When they went to commercial TV, the critics thought of trying to get Spot to make a comeback. But "he wasn't getting any younger," Ebert recalls, and then hatched the notion of hiring another of trainer Hoffman's pets, Aroma the Educated Skunk, who became a regular on the show's renamed Stinker-of-the-Week segment. Except that this season he'll be an irregular, says Siskel, appearing only from time to time.

What effect this will have on the ratings, of course, remains to be seen.

Ebert and Siskel both say they agree on movies more than they disagree, but it's the disagreements that keep the show bubbling. This summer, Ebert gushed over "Zelig" and Siskel thought it was not very good. Siskel liked "Octopussy"; Ebert didn't. Ebert thought the aliens in the basement-budget sci-fi film "Wavelength" were kind of cute but Siskel thought the whole thing was dreadful.

It's really fur-flying time, though, when Ebert brings up two movies Siskel liked last spring and winter: "Table for Five" and "Six Weeks," a pair of tearjerkers that got the heave-ho from the public as well as most critics. Ebert thinks Siskel was susceptible because he was charmed by the kids in the film and that he was starting to have heavy paternal thoughts himself. And lo, it was subsequently revealed that Siskel and wife Marlene are expecting their first child Sept. 28.

Ebert and Siskel argue so loudly over the two films that other people in the restaurant look over at the table. But they should feel honored. Having Ebert and Siskel spat in person is like having Pavarotti sing outside your window, or, well, almost.

" 'Six Weeks' is easily the worst movie of last year, 'Table for Five' is easily the worst movie of this year," says Ebert. "Those movies are absolutely awful."

"Number one," says Siskel, "I'm sorry for you that you didn't have the joyful experience that I had at those films."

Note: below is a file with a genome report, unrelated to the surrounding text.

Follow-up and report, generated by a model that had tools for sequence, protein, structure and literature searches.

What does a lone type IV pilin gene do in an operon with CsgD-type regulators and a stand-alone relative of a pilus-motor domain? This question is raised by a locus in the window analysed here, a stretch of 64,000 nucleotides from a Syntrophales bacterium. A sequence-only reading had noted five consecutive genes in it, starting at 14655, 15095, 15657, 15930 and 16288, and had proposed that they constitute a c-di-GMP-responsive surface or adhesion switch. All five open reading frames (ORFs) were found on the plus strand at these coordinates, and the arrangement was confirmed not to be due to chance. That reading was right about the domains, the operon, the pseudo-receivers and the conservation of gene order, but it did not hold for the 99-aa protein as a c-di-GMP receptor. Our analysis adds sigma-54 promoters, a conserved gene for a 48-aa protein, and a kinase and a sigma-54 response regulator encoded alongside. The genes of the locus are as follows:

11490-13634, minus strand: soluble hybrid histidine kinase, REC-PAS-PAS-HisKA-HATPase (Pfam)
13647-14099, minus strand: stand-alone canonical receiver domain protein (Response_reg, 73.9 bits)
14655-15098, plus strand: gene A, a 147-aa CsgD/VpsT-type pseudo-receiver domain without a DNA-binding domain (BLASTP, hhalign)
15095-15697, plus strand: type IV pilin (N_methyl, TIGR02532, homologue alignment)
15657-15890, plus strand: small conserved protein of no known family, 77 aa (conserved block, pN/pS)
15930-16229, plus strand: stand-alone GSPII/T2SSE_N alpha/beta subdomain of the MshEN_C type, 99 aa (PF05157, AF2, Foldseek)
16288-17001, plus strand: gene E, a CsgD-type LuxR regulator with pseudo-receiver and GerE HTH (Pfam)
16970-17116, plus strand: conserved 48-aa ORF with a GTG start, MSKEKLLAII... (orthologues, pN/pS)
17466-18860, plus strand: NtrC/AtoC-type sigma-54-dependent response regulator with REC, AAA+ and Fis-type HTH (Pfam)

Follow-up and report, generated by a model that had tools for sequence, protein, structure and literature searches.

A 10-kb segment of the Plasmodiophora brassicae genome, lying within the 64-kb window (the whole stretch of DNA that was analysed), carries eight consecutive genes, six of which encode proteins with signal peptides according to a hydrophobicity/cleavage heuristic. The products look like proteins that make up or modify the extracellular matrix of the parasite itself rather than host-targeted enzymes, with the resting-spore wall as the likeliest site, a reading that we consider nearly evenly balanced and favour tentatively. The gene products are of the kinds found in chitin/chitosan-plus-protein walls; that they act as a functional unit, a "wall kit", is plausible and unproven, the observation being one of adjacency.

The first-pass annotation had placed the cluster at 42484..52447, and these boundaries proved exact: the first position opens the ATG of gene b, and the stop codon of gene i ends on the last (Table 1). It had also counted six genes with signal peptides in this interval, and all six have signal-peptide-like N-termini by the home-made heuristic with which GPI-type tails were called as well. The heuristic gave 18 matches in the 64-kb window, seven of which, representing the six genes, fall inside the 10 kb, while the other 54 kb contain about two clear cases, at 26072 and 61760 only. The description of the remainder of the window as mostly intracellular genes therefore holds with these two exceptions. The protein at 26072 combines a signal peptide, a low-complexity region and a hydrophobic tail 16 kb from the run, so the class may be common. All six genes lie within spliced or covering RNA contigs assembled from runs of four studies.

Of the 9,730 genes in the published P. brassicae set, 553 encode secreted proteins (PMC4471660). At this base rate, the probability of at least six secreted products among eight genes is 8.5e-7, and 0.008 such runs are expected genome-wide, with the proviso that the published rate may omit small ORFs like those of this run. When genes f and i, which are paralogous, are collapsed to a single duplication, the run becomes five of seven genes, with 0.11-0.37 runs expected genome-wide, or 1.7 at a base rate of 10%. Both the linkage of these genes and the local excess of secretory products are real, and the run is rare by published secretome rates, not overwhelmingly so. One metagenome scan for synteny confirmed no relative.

"Ha ha. You had a joyful experience at 'Six Weeks'?"

"Okay now, look, wait a second. . . . "

"I'm sorry," Ebert huffs. "Go right ahead! You hardly ever get a chance to talk."

"One, I will make a statement between the two films. I liked 'Table for Five' more than 'Six Weeks.' Roger is completely opposed to every element of 'Six Weeks,' apparently."

"Much of it was in focus," scowls Ebert.

"Now wait a minute! I want to ask you a question about two elements of 'Six Weeks' and every element of 'Table for Five.' Is there a single performance you can fault in 'Table for Five'?"

"Jon Voight," says Ebert. Voight was the star of the film.

"The performance, or the character as written--which, Rodge?"

"The performance was quite distracting. Performance and character are very closely related here."

"Not to me! Not to me! I'm able to keep them apart!"

"That is an ad hominem argument if I ever heard one!"

"Now, you know you use the word 'ad hominem' whenever you're wrong," Siskel says.

"Once Gene said to me, 'If you like the woman so much, why don't you ask her out?' " Ebert confides.

"That's my favorite for you, big fella," Siskel says, laughing. "When you compared Katherine Herrold's performance in 'The Sender' to Ingrid Bergman in 'Gaslight.' And I said, 'Roger, just ask her out for a date.' " Siskel smiles gleefully.